You don't have to live off of Poptarts and Ramen, but you could if you chose to. You have the option. You're no longer that strapped for cash, and you have the opportunity to go out and have a nice steak or make a meal at home. However, should you just really get one of those have-to-have cravings for a Poptart (seriously, who doesn't love a good Poptart?), you can go get one. 

I made a grown up decision today...I had an ice cream sandwich for breakfast.

You have the time, a little bit of freedom, and enough money to experience life (and you've likely mastered the art of experiencing on a dime). After all of those years of living on a shoestring budget in college, you've learned how to have fun for little. The beauty of the mid-twenties, though, means you don't always have to. You can take a long weekend from work, hop on a plane, and go explore a bit. For many of us in our generation, we're settling down a little later. That means as long as you find someone to feed your dogs, you're good to go. It's a beautiful freedom. 

You have many milestones to celebrate. And, let's face it, milestone celebrations are a great excuse to get together with friends, pop open a bottle of champagne (or wine), and embrace whatever awesomeness you are toasting. These are the years of first jobs, first new cars, engagements, promotions, etc. I've even been known to celebrate the first time I set up a retirement account. It's the little things, you know.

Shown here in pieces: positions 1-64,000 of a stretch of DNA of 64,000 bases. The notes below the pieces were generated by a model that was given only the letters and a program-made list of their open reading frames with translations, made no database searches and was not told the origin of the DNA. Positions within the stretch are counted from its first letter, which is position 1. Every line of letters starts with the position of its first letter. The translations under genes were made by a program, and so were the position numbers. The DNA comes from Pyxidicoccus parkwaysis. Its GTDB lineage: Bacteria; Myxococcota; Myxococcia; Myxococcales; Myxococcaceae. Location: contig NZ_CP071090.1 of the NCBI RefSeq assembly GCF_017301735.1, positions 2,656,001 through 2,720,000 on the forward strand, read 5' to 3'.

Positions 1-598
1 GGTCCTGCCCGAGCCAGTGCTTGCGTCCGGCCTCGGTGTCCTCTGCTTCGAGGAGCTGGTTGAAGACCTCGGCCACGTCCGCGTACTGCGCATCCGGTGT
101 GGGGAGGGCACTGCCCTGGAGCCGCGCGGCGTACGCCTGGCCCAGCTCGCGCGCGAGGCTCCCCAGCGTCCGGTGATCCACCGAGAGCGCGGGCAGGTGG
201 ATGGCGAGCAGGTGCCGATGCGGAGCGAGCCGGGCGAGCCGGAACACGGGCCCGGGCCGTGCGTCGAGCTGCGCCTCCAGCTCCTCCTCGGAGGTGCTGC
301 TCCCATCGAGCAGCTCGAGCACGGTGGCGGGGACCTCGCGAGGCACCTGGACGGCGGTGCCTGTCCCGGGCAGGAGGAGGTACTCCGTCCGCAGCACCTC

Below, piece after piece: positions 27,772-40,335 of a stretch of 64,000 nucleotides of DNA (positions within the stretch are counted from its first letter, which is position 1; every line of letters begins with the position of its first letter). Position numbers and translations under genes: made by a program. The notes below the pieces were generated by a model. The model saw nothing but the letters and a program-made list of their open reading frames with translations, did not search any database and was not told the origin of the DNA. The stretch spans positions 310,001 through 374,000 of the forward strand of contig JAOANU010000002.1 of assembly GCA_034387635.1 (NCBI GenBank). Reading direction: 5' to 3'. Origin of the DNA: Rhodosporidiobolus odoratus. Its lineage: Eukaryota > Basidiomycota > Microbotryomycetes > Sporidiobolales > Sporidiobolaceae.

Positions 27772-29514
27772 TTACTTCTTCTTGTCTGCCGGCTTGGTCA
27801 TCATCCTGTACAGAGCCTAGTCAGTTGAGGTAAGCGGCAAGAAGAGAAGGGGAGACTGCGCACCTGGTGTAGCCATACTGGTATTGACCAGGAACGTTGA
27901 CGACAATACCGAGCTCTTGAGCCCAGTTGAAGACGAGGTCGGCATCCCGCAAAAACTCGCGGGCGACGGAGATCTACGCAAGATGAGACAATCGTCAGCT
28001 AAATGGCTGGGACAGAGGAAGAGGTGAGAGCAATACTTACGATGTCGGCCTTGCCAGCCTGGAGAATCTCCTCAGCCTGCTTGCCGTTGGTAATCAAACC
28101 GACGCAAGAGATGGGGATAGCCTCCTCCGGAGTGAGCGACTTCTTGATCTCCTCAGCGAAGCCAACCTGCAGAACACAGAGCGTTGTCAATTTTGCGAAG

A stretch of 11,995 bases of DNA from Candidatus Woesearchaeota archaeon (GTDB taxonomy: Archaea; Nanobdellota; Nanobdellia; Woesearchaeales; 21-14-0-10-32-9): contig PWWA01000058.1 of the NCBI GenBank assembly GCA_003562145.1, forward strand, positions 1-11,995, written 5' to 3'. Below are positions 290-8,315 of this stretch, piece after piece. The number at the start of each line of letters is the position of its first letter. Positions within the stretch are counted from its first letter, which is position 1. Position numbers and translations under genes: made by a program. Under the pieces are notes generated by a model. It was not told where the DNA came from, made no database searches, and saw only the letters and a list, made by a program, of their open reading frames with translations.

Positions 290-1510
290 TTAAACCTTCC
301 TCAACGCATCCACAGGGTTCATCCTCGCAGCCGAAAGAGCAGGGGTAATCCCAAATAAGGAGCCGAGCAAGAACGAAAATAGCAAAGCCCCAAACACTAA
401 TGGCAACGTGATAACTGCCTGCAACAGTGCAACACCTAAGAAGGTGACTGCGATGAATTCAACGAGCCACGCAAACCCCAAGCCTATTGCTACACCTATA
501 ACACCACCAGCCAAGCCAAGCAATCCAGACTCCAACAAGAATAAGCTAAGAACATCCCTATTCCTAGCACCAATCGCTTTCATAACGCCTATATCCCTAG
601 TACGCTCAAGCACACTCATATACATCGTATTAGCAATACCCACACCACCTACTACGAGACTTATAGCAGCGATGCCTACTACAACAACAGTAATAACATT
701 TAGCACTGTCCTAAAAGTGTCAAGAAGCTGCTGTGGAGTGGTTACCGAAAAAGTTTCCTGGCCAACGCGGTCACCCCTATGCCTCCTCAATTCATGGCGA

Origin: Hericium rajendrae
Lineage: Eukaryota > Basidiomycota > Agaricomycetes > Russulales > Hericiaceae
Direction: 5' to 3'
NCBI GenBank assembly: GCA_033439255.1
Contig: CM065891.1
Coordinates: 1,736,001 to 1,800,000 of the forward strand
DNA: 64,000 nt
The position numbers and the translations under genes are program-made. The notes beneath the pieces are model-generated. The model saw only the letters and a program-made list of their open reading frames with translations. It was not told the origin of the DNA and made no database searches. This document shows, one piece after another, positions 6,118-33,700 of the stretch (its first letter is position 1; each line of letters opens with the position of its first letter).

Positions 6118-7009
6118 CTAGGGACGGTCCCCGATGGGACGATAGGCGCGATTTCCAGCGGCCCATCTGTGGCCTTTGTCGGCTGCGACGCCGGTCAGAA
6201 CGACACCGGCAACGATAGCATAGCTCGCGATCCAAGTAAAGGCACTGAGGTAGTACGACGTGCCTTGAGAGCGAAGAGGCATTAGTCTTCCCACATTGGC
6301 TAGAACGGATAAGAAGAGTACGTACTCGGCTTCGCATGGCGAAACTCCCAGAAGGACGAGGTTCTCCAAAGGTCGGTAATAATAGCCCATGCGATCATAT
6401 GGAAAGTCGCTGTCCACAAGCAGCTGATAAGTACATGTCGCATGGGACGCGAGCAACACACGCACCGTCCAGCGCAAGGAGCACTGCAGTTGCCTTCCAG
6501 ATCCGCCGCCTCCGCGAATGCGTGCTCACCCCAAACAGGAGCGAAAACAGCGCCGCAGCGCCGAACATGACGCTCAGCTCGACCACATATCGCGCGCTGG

You learn to legitimately stop caring what others think. You cut the pretenses a little bit. Whether it's just being yourself on a first date or embracing your place in your family/friend group. I've learned to appreciate that I'm the one who's usually around for comedic relief and known for bringing a good bottle of wine to an event. I'm happy with it. My family is happy with it. When you hit your mid-twenties, you accept that you are who you are, and others who love you do the same. 

Own those quirks! 

You occasionally allow yourself to behave like a preschooler with a credit card. There are times when my adult side wins out and I can easily put something I don't "need" back on a shelf. But, there are also times where I want it, so I'm going to buy it. I fully know the difference between want and need, but I also know that I work my butt off for my paycheck, and sometimes the best part of being an adult is being able to spoil myself just a little bit. It's one of the best things in the world! 

Or the pool, or the gummy bears, or the ill-advised shot of tequila. Girl, you work hard for your money ;)